Proper hydration supports nearly every system in the body. And teaching kids to reach for water over sugary drinks will help them reduce both empty calories and the risk of tooth decay. Water intake recommendations grow with your child and range with gender and exercise level. Here are a few rules of thumb to help guide your 2021 hydration goals: 

  • Ages 4-8: 7 cups of water per day. 

  • Ages 9-13: 9-10 cups of water per day.

  • Older teens: 10-14 cups of water per day.

Reminder: these goals take into account the food kids eat and other drinks. Fruits and veggies will go a long way in reaching this goal as well. 

Four Ways to Help Kids Drink More Water

Set a Good Example

First, remember this is a family resolution. Model good hydration habits by having your water bottle by you at all times. Need a new one? Shop local! Check out the selection at Ozark Outdoor Supply, Domestic Domestic or Go! Running for camping, athletics and school-worthy selections. 

Make it Fun 

Add excitement to your family’s quest for better water habits with some fun accessories. 

Special Water Bottles: Make sure your kids have one or two water bottles for home, school and after-school activities. Monogrammed bottles or cups featuring their favorite characters are sure to be winners.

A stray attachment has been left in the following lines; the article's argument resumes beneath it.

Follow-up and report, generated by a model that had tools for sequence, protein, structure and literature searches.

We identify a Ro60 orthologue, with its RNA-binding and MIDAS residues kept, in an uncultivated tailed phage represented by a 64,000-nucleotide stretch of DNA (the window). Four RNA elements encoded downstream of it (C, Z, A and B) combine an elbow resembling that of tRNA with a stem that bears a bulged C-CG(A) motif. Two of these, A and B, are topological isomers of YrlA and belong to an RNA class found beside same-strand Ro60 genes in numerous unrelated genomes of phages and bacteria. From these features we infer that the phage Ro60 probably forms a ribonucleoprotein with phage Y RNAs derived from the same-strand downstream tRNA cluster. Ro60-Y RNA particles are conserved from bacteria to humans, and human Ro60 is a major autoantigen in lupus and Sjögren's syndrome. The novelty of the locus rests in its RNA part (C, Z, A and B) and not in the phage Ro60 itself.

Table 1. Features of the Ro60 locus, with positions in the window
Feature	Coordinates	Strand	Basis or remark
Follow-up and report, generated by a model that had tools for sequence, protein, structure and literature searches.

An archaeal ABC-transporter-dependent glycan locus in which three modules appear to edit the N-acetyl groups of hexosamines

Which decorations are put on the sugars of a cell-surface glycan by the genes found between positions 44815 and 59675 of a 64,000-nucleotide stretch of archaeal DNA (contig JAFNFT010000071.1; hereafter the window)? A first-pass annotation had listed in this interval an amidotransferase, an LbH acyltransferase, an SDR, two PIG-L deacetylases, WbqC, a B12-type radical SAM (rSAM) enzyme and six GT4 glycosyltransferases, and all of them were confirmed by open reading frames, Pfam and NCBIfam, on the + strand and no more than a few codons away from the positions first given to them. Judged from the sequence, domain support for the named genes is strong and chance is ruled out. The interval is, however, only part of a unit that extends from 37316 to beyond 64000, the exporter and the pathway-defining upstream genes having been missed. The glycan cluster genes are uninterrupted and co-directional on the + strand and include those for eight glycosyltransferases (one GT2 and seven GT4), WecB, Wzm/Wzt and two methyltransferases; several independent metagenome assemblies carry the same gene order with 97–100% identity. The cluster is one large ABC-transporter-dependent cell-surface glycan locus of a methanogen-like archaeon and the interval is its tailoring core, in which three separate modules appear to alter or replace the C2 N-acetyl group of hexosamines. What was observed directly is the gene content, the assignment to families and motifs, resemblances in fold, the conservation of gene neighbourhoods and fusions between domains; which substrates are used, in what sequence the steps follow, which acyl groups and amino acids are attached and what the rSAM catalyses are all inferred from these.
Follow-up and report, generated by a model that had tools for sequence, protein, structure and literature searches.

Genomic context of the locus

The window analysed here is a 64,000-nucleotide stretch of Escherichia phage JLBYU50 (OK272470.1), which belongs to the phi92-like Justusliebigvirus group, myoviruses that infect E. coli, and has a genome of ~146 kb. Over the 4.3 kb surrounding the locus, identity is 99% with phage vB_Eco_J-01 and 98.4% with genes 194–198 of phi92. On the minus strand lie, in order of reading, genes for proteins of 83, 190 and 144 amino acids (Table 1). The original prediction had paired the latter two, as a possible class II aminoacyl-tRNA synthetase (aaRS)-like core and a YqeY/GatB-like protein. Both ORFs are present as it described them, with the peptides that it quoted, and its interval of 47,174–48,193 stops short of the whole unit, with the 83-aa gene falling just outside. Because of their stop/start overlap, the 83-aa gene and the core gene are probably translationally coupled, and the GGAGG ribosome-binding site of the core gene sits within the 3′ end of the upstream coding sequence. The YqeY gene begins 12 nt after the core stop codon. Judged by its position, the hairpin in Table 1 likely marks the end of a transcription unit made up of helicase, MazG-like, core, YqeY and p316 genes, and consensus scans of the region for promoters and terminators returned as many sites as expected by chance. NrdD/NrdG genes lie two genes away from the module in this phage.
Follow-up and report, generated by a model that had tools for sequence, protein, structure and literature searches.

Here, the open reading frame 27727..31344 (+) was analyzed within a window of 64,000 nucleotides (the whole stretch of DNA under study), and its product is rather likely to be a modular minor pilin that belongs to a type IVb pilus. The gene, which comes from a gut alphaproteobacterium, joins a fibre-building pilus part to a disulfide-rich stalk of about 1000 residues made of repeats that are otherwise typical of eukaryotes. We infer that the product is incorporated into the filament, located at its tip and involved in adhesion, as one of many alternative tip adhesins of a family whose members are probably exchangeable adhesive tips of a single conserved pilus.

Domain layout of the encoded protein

Reusable Straws: Reusable straws help reduce single-use plastic and make sipping a bit more fun. We love this kid-size option from Hillcrest Waterbugs.  

Molded Ice Cubes: Extra cold water can encourage a resistant drinker. Up the fun factor with ice molds in kid-friendly shapes, like these sweet hearts (just in time for V-day!). 

Switch it Up

While water straight from the tap is fine most days, you can also change your routine to make this habit a lasting one. 

Infuse with Deliciousness: Adding frozen fruit to your kids’ water bottle does double duty of brightening the flavor and keeping it cold and refreshing for longer. 

Try Bubbles: Instead of soda, have a supply of sparkling water on hand for a sugar-free carbonated treat.  

Teach Them to Take Charge 

Ultimately, you want your kids to learn to love water and reach for their water bottle on their own. Here are few keys to instilling that self-sufficiency. 

Use an App: If your kid loves tech, try an app that will help them keep track of their water intake. Plant Nanny is free to try and your kids will love watering adorable plants as they drink their daily water. 

Monitor Intake: Most kids don’t need an excuse to use a little potty talk during the day. Teach them the signs of dehydration — like dark colored urine — to help them know when it’s time to reach for another glass.  

Put Them on Refill Duty: Finally, if you want your kid to be self-sufficient, teach them how to open and fill their own water bottles. Early elementary kids should be all over this assignment. 

 You’ve got this, parents! Bottom’s up!